releasing more French classics from the Gaumont and a few titles from
Pathé, as well as a few Bo Widerberg films like Man on the Roof
and Elvira Madigan. These foreign films will only be released on Blu-
ray if we have an existing HD master, like Carmen for
instance. Otherwise we will just release them on DVD like Police
and the Godard titles. Creating an HD master overseas is very expensive
and complicated. There are other potential deals, but we cannot discuss
Thanks so much for your time, Frank. It's been a really informative
chat and I can't wait to see what else Olive will be releasing in the months
and years to come.
Thank you, we're very excited about our 2012 and 2013 release schedule.
Poor response about subtitles! With an attitude like that, I can proudly state that I do not own any Olive releases and never will. "We're not the only label" just means that there are more than just one worthless label producing sub-par products.
He says that 6 or 7 of the titles had pre-existing masters, but doesn't make clear which ones. He also makes clear that they can (and do) remaster titles if the provided elements aren't up to scratch. So... no, this is their own QC issue, and ultimately a question of the company ethic: the idea that the release is 'good enough', that they'd rather blithely spin their customers (Tarzi: "I don't get it... it looks great to me") than listen to acknowledged experts like Mr. Harris and work to improve their output. This is a pity, as they obviously have deep pockets + a strong catalog and imho could build a Criterion-like reputation releasing half as many titles and putting in more work on the AV quality, subtitling and supplements. This would surely aid their profits in the longer term.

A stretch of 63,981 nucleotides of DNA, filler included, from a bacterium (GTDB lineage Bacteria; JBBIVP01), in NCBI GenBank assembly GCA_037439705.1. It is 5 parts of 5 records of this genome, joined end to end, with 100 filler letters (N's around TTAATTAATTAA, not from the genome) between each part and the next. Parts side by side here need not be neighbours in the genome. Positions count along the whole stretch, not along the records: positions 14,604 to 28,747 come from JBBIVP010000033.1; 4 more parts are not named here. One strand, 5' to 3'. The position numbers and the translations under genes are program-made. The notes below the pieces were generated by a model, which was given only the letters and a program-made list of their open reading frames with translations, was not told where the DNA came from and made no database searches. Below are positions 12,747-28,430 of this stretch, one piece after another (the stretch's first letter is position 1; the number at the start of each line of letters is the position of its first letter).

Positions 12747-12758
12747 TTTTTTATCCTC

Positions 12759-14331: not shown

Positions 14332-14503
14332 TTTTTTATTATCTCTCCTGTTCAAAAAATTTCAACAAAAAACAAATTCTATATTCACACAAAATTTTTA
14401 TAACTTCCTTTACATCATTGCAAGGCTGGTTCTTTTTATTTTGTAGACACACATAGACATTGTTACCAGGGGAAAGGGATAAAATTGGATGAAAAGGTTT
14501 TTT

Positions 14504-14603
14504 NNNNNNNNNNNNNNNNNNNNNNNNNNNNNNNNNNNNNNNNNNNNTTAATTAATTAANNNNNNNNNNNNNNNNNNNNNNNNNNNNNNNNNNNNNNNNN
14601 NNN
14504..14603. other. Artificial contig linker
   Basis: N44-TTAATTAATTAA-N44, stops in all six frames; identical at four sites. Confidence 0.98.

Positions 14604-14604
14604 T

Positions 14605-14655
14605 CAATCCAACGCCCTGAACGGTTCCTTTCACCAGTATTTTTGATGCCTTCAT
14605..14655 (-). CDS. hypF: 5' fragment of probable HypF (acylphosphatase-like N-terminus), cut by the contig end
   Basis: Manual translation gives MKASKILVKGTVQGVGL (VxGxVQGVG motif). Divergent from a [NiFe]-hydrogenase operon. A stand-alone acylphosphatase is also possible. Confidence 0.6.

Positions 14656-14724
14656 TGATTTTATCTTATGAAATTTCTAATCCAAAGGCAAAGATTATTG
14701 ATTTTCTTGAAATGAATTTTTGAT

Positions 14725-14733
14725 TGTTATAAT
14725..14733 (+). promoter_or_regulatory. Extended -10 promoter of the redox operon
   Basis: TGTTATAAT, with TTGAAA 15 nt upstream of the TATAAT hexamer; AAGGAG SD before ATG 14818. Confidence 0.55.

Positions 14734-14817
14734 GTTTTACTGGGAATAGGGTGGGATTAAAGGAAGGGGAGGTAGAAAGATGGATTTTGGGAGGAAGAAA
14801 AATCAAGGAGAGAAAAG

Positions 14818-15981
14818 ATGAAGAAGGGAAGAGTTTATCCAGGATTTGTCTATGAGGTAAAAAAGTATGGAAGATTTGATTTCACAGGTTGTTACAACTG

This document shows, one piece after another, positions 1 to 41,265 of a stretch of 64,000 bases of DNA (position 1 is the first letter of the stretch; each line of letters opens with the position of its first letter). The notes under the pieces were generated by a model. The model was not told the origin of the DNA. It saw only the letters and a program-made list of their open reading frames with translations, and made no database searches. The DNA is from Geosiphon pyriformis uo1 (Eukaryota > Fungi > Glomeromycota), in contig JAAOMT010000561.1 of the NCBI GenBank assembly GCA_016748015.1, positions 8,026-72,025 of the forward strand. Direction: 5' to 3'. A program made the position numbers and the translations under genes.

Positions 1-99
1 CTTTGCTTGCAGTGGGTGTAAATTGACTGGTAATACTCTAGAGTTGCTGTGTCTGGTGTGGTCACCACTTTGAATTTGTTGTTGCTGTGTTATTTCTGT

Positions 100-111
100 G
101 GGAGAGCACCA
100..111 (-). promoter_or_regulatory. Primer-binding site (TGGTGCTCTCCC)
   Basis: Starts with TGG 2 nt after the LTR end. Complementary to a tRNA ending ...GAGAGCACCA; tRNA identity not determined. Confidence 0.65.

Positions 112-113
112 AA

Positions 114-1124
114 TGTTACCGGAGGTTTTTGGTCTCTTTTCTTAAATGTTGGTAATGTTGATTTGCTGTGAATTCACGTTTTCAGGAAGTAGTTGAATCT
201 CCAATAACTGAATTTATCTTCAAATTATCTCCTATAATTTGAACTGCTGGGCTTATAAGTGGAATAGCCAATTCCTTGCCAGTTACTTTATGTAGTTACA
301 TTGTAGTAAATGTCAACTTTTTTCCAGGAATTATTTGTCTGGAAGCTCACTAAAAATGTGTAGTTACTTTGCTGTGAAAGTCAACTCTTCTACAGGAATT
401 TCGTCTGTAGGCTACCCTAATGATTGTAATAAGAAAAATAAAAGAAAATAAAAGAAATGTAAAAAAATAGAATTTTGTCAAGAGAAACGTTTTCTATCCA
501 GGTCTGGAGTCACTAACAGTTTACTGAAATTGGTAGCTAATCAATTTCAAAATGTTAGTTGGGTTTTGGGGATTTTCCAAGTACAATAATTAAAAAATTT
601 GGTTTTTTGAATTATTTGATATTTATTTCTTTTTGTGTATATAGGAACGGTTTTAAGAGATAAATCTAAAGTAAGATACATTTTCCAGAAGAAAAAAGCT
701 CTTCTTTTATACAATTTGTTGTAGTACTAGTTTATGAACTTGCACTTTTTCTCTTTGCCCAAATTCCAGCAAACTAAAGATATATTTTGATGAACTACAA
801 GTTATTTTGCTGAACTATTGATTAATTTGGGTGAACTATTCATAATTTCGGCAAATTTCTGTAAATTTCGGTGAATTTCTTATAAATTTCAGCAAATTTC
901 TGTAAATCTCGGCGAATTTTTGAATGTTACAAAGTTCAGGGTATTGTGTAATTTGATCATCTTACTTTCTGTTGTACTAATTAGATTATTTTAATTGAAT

On the plus side though, at least they don't price their product like Twilight Time. Bottom line - I'll buy an Olive release if I REALLY want it (eg. High Noon, the forthcoming Ophuls and Aldrich) and suck up the sub-par quality, but I won't take a chance on a release the way I would with Criterion.
Grateful for the interview and the information within, however the attitude toward subtitles and Bound's lack of 5.1 sound, a deal breaker when EVERY other blu ray and dvd has included it, is depressing. Sure 'Bound' looks good, it should also sound good too, Mr Tarzi, you had a chance at releasing a definitive release and for whatever vague reason, dropped the ball.
Thankfully the region free French release looks just as good and includes the original English HD 5.1 soundtrack and running commentary.
Its 2012, information on which is a better release is shared instantly via the net, this is no longer niche, and with all due respect, if you're truely in the market in building a succesful company, it would be wise to listen to the criticisims and right those wrongs.
Picked up Invasion of the Body Snatchers. Thank you, Olive! It looks quite good. It's totally "bare-bones", but at least there's a nice slip and it's a picture disc with the film's original poster graphics.